Professor, Division of Otology, Neurotology and Skull Base Surgery



Harvard University, B.A., 06/00, Biology

Yale University School of Medicine, M.D., 06/05, Medicine

Johns Hopkins School of Medicine, Resident 07/05-06/10, Otolaryngology-Head and Neck Surgery

Johns Hopkins School of Medicine, Fellow 07/10-06/12, Otology, Neurotology and Skull Base Surgery


Previous service to ARO

2013-2016: Publications committee

2017-2019: External relations committee

2017-2019: Travel awards committee

2019-present: Awards committee


Research Interests

Vestibular physiology and aging

Vestibular loss and Alzheimer’s disease

Vestibular function and spatial memory and navigation


Clinical Interests

Cochlear implantation

Acoustic neuroma and skull base surgery

Vestibular disease and disorders


Outside Interests

Incoming Chair of Sensorimotor Neuroscience NIH study section, cycling, running, community service


Statement of Goals

ARO is a unique society that brings together scientists and clinicians and creates translational opportunities that bring tremendous value to our society-at-large.  My vision as President of ARO is 3-fold: 1) Sustain and further ARO’s key role in the continued growth of hearing and vestibular sciences by ensuring the entry and success of diverse new members of our field, through strong mentorship programs, grant-writing support, and support of network development; 2) Continue and augment ARO’s critical support of cutting-edge science in our field, through training programs to capitalize on new scientific opportunities, supporting collaboration with adjacent and other fields, engagement with the NIH and industry; 3) Continue and augment ARO’s key role at the intersection of basic and translational science through fostering new and unique interdisciplinary connections via special sessions, interest groups, via ARO’s diverse channels including the in-person meeting, JARO and increasingly digitally.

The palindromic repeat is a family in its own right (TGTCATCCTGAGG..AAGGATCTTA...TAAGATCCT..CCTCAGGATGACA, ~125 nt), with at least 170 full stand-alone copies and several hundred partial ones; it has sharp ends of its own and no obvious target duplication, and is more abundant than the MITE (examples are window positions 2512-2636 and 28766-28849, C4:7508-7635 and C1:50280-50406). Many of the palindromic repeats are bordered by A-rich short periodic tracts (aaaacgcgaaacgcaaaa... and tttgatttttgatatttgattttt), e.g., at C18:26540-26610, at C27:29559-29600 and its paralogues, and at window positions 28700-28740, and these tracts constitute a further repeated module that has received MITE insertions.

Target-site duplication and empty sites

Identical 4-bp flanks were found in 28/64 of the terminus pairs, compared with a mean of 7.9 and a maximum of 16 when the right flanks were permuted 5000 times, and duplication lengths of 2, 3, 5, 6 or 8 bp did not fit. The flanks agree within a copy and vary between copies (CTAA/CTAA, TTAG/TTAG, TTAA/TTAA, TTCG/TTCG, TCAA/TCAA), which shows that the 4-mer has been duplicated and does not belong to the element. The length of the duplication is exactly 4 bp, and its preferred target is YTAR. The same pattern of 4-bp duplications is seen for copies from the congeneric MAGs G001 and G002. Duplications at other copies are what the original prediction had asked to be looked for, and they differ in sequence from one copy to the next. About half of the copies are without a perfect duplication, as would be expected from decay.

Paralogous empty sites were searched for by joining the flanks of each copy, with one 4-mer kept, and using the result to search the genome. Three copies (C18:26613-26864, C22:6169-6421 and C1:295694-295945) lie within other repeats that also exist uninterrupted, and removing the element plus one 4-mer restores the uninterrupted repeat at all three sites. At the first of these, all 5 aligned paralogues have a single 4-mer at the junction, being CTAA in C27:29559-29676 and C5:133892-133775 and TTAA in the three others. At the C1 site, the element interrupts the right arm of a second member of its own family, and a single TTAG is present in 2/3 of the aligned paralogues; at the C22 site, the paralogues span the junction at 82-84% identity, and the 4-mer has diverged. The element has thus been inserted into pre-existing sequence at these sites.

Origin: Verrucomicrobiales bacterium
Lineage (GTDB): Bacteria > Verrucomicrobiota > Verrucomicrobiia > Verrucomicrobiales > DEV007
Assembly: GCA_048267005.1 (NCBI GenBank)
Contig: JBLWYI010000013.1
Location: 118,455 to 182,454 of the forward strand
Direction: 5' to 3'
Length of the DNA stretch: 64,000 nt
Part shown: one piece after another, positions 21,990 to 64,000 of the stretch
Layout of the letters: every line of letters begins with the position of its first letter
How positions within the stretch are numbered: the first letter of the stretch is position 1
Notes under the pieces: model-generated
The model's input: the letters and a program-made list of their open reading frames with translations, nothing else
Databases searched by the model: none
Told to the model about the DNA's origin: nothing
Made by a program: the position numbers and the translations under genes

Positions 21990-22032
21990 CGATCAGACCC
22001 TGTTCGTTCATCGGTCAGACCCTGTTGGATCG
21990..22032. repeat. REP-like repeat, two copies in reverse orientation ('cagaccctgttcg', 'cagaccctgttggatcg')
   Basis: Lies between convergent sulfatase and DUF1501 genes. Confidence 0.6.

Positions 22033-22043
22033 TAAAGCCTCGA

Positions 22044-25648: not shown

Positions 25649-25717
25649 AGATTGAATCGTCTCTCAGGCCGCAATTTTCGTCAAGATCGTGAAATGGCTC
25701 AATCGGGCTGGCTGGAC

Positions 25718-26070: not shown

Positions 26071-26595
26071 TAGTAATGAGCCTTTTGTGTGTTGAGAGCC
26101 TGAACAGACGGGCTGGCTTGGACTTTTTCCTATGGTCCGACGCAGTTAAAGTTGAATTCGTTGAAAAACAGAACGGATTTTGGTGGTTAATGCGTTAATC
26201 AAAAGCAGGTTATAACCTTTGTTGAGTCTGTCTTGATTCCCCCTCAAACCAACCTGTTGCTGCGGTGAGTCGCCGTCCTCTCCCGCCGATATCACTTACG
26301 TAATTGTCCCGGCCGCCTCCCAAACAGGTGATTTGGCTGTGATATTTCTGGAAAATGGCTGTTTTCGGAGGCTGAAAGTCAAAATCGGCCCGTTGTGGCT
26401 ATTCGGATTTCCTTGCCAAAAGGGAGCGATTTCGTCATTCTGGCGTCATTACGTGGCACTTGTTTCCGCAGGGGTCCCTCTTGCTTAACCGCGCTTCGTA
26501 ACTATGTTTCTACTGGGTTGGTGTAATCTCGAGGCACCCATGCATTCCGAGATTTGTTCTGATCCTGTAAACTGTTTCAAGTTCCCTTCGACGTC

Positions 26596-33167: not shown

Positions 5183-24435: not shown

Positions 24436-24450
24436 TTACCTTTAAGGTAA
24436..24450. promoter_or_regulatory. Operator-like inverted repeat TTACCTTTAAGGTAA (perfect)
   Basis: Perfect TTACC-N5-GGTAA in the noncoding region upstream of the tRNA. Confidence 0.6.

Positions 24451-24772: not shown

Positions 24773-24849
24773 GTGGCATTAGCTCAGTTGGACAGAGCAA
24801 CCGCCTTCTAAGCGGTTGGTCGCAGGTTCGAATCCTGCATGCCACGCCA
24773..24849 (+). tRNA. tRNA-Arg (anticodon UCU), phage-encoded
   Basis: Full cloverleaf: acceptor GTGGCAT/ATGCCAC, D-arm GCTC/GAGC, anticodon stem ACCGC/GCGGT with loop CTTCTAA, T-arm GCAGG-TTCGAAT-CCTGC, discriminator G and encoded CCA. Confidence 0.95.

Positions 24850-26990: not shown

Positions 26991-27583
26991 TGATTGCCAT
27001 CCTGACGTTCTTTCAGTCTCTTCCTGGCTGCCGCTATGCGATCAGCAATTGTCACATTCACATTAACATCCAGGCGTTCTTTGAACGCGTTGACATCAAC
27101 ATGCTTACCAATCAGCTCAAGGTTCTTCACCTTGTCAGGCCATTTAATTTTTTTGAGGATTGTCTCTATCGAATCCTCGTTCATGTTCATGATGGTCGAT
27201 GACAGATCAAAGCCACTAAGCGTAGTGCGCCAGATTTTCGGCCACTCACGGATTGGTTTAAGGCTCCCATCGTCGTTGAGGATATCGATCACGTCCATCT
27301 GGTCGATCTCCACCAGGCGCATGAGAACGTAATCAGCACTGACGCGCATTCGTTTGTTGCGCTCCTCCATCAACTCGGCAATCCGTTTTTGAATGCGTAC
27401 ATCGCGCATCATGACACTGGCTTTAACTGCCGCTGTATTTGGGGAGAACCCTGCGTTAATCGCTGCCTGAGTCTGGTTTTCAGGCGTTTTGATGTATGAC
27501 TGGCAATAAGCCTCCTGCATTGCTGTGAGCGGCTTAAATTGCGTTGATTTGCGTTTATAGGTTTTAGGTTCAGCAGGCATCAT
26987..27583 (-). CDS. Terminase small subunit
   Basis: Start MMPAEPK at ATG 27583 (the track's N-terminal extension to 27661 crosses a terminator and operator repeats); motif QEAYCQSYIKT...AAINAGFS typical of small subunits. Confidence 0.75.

Anil K. Lalwani, MD

Department of Otolaryngology

Columbia University Vagelos College of Physicians and Surgeons

180 Fort Washington Avenue, Harkness 8

New York, NY 10032



Associate Dean for Student Research, College of Physicians and Surgeons

Professor and Vice Chair for Research, Department of Otolaryngology

Co-Director, Columbia Cochlear Implant Center

Medical Director, Perioperative Services, NewYork Presbyterian Hospital-Columbia

University Senator, Columbia University



BS:                  Michigan State University, Biochemistry, 1981

MD:                 University of Michigan School of Medicine, 1985

Internship:       Duke University Medical Center, 1985-87

Residency:      Otolaryngology, University of California San Francisco, 1987-91

Fellowship:      Neurotology, University of California San Francisco, 1991- 92

Fellowship:      NIDCD, Laboratory of Molecular Genetics (Mentors: Jorgen Fex, PhD & Edward Wilcox, PhD), 1992-94


Previous Service to ARO:   

1998-2001       Physician Research Training Committee;

2003-2006      Media Relations Committee

2009-2016      Publications Committee (Chair, 2010-2016): renegotiated contract for JARO that, for the first time, contributed to a positive fund flow for ARO

2012                Nominating Committee

2019-2022      Diversity and Minority Affairs Committee


Leadership Experience:

Past President, American Neurotology Association

Past President, American Auditory Society

Past Chair, Department of Otolaryngology-HNS, New York University

Chair, Council of Scientific Trustees, Hearing Health Foundation

Member, National Deafness and Other Communication Disorders Advisory Council (DCAC), NIDCD


Research Interests:

Molecular genetics of deafness and development of gene-based therapeutics for hearing loss

Development of microneedles for inner ear diagnostics and therapy

Gait and balance disturbance in the elderly

Enhancing Music Enjoyment among hearing impaired and cochlear implantees


Outside Interests:

Biking, Tennis, Traveling, Reading


Statement of Goals: